The images are of a purported engineering drawing of the iPhone 5 that's been circulated ahead of the actual device's release (in three months or so?). They're renderings, so potentially very easy to fake, but they really have a ring of authority. What can we learn from them? Apple is embracing big-screen thinking to match up to the increasing number of Android devices that sport screens over 3.5 inches across diagonally.
In fact, if you peep at the drawings and make some scale guesses based on the existing iPhone 4, the screen on the iPhone 5 is close to 4 inches in size. It's much bigger, and requires a slimmer bezel that places the screen as filling the iPhone's top surface practically edge-to-edge. Better yet, this tallies with another alleged leak from inside Apple's Chinese supply chain that revealed a bezel for the next iPhone—it almost identically matches this new drawing.
We can make the guess about the phone's screen size from this leaked bezel, and also thanks to one big design hint we're seeing here: The iPhone 5 is essentially the same as the iPhone 4. This makes good sense. Apple included some revolutionary design decisions in the current iPhone, and would be unlikely to step away from them so fast, partly thanks to the cash investment the iPhone 4's design must have required. We can also believe these really are design drawings, given to case and peripheral manufacturers, because many of the leaked case designs that arrived before the iPad 2 proved to be accurate—right down to the position of the buttons, ports, and speaker grilles.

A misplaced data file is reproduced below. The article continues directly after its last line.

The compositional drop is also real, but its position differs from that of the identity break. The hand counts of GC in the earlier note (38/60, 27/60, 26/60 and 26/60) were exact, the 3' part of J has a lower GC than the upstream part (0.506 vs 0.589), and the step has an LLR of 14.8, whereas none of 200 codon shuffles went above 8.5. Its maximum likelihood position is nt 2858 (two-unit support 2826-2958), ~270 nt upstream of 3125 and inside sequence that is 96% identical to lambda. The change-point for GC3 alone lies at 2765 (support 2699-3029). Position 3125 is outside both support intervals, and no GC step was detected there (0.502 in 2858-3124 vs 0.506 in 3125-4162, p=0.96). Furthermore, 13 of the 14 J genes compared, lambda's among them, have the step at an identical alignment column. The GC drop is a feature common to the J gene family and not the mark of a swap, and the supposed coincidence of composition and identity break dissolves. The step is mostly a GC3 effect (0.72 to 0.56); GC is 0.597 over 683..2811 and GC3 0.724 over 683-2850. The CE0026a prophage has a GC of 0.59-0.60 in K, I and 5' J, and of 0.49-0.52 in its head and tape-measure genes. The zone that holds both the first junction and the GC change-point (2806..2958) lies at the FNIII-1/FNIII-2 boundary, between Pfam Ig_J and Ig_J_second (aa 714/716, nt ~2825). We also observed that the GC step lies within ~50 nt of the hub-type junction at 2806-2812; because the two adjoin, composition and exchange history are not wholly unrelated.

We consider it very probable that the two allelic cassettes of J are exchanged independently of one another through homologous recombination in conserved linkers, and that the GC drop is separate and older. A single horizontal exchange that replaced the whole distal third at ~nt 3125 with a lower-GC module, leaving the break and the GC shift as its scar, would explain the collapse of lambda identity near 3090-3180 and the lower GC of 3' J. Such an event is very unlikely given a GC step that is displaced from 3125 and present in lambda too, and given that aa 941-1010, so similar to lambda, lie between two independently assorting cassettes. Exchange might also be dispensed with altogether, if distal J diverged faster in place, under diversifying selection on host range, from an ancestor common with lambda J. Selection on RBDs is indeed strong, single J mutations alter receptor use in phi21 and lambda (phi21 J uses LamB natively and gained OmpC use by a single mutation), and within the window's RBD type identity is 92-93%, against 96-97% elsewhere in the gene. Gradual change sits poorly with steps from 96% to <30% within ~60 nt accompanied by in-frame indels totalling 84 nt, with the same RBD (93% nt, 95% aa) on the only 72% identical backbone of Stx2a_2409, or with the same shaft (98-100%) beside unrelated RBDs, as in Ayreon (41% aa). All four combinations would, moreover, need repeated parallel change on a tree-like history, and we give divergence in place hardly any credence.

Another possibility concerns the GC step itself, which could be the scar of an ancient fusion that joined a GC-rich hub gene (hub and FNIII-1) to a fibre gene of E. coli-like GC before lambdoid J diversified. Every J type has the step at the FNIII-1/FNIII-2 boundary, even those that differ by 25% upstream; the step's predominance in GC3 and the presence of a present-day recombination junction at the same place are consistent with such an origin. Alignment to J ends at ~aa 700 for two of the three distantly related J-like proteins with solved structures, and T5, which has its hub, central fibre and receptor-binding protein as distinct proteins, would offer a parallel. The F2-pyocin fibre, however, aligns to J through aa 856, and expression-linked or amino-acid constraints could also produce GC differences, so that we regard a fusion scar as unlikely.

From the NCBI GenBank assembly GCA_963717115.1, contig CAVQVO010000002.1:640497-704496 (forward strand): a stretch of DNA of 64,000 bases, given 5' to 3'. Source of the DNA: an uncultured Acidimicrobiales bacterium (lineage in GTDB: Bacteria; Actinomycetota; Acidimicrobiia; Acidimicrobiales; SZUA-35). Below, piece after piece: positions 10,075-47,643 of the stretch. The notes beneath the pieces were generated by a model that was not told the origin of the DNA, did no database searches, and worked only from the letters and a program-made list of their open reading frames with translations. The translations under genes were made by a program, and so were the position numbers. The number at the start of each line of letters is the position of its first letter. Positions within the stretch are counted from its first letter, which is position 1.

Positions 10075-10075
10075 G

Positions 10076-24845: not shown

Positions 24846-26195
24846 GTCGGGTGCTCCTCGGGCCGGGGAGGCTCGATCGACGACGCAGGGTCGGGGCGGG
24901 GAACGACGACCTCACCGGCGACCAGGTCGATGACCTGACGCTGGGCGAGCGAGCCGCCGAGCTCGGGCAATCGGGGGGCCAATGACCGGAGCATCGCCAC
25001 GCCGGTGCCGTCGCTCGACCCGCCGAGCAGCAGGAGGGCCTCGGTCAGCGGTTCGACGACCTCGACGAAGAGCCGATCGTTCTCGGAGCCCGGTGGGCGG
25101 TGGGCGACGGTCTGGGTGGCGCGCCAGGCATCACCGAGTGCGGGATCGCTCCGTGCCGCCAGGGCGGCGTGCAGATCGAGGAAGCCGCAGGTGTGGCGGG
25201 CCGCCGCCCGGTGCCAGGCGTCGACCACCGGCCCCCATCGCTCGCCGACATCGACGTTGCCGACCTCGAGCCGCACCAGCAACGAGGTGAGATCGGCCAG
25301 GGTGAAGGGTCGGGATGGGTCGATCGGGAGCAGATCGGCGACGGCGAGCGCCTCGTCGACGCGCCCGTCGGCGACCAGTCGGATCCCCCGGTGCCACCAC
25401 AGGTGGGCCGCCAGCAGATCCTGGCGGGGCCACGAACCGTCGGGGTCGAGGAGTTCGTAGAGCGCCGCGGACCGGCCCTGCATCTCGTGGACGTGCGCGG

But what about Antennagate? Apple seems to consider the matter closed, although it included some subtle antenna design tweaks in the recent Verizon CDMA version. It could easily evolve the antenna design further still for the iPhone 5 to ensure there's still less signal attenuation when users hold the phone. The all-metal rear chassis rumor from the other day isn't ruled out by this new information either, since it's entirely plausible Apple could replace the sheer glass rear face with a metal one to make the device slightly thinner, lighter, and potentially cheaper—the same design refinements that have just gone into the iPad 2.
This data, though easily dismissed, is actually interesting because Apple's smartphone will define the path that all the others will tread along this year, including the next batch of Android phones and anything Nokia comes up with (in collaboration with Microsoft) to try to revive its smartphone hopes. With news today that Nokia may have wasted 2,000 man years developing failed devices, this is important.
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